The memories, light as feathers, I’ll carry with me. My “That’s What She Said” hens, with all our herstories. Irreplaceable. And all those who make this a place of incomparable beauty, compassion and love. Know some small part of each of you will go with us, just as some small part of us, like perennial roots, will never leave.
For many travelers, the best part of the trip is coming home. I’m still not certain that’s the case for me, though I have loved having roots here, knowing this place was always here for me to hunker down in during the winters of my soul, to nurture my introverted needs. What appeals to me more about travel is the letting go. Shedding what I no longer need. Realizing again and again what’s really important. Trusting that when I leave things behind, and when I have next to nothing, the world will provide it when the need arises. There’s a freedom in that, an all-encompassing unclutching of the things we are told by so many that we need. The things that in the end, trap us into a box that is perhaps less promising, less fulfilling than what we envisioned for ourselves. It’s a a trap we set for ourselves, which eventually holds us by the ankle, drags behind us and slows our journey. By becoming creatures of need, of want, of acquisition, our stuff owns us.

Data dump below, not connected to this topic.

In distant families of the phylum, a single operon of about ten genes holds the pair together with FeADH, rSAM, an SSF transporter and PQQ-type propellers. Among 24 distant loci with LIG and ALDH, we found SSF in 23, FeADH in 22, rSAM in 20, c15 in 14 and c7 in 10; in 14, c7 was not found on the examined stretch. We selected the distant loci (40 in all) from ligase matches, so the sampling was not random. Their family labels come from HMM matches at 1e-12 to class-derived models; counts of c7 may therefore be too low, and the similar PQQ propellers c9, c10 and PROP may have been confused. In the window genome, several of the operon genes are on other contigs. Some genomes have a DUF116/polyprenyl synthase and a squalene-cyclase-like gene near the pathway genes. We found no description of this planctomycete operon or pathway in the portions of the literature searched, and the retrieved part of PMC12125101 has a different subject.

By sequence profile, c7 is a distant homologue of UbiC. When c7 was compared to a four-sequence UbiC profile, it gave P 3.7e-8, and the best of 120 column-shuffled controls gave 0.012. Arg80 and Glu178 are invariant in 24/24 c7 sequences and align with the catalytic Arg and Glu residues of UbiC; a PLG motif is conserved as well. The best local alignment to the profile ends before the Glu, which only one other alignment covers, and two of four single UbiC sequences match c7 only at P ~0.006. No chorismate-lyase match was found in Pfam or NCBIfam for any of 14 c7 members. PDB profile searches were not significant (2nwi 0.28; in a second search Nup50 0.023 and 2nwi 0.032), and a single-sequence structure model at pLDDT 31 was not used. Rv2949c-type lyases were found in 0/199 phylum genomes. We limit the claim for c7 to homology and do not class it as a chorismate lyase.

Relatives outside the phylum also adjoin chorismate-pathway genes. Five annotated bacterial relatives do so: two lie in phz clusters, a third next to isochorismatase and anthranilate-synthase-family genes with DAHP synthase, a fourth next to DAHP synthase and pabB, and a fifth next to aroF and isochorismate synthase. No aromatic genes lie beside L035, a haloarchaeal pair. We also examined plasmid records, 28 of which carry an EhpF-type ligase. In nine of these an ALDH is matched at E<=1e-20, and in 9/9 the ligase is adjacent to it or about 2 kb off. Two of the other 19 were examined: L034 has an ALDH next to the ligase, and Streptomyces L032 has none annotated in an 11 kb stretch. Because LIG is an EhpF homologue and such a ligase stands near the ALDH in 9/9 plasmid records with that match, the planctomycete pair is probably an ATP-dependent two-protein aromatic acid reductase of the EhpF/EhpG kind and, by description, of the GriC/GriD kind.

Backpack Mister and I have worked hard to be mindful of avoiding that trap, investing in experiences, instead. It will no doubt make the next leg of our journey easier.
So with decidedly few traps, and even fewer professional options, the Mister and I are looking for the next leg of our grand adventure, taking the first steps before the path becomes visible. Soon to be between boxes, we are downsizing, letting go of so many things – some which have sentimental value, most which long ago lost it, victims to hard-won experience and the perspective that comes with it. No matter – we don’t need much. My dearest friends know that – because of the potential it embodies – an acorn means infinitely more to me than a pearl ever will.
And acorns…well, acorns are all around us. You just have to look for them.
I am letting go of more than stuff that is no longer beautiful, useful or meaningful. I leave with the intention of healing the cuts and bruises left by those who didn’t know the hurt they were causing, and in the process, letting them go too. We must travel light, in every possible way.
And as we move forward, Backpack Mister and I are trusting that the world will provide when the need arises. Because sometimes in this great and terrifying and thrilling free-fall we call life, when you are jumping into the abyss, that’s the best you can do.
Charish Badzinski is an explorer, foodie and award-winning travel and food writer. When she isn’t working to build her blog: Rollerbag Goddess Rolls the World, she applies her worldview to her small business, providing strategic communications, media relations and writing support to individuals and organizations.
Find Charish on Twitter: @charishb
Rollerbag Goddess Rolls the World by Charish Badzinski is licensed under a Creative Commons Attribution-NonCommercial-NoDerivs 3.0 Unported License.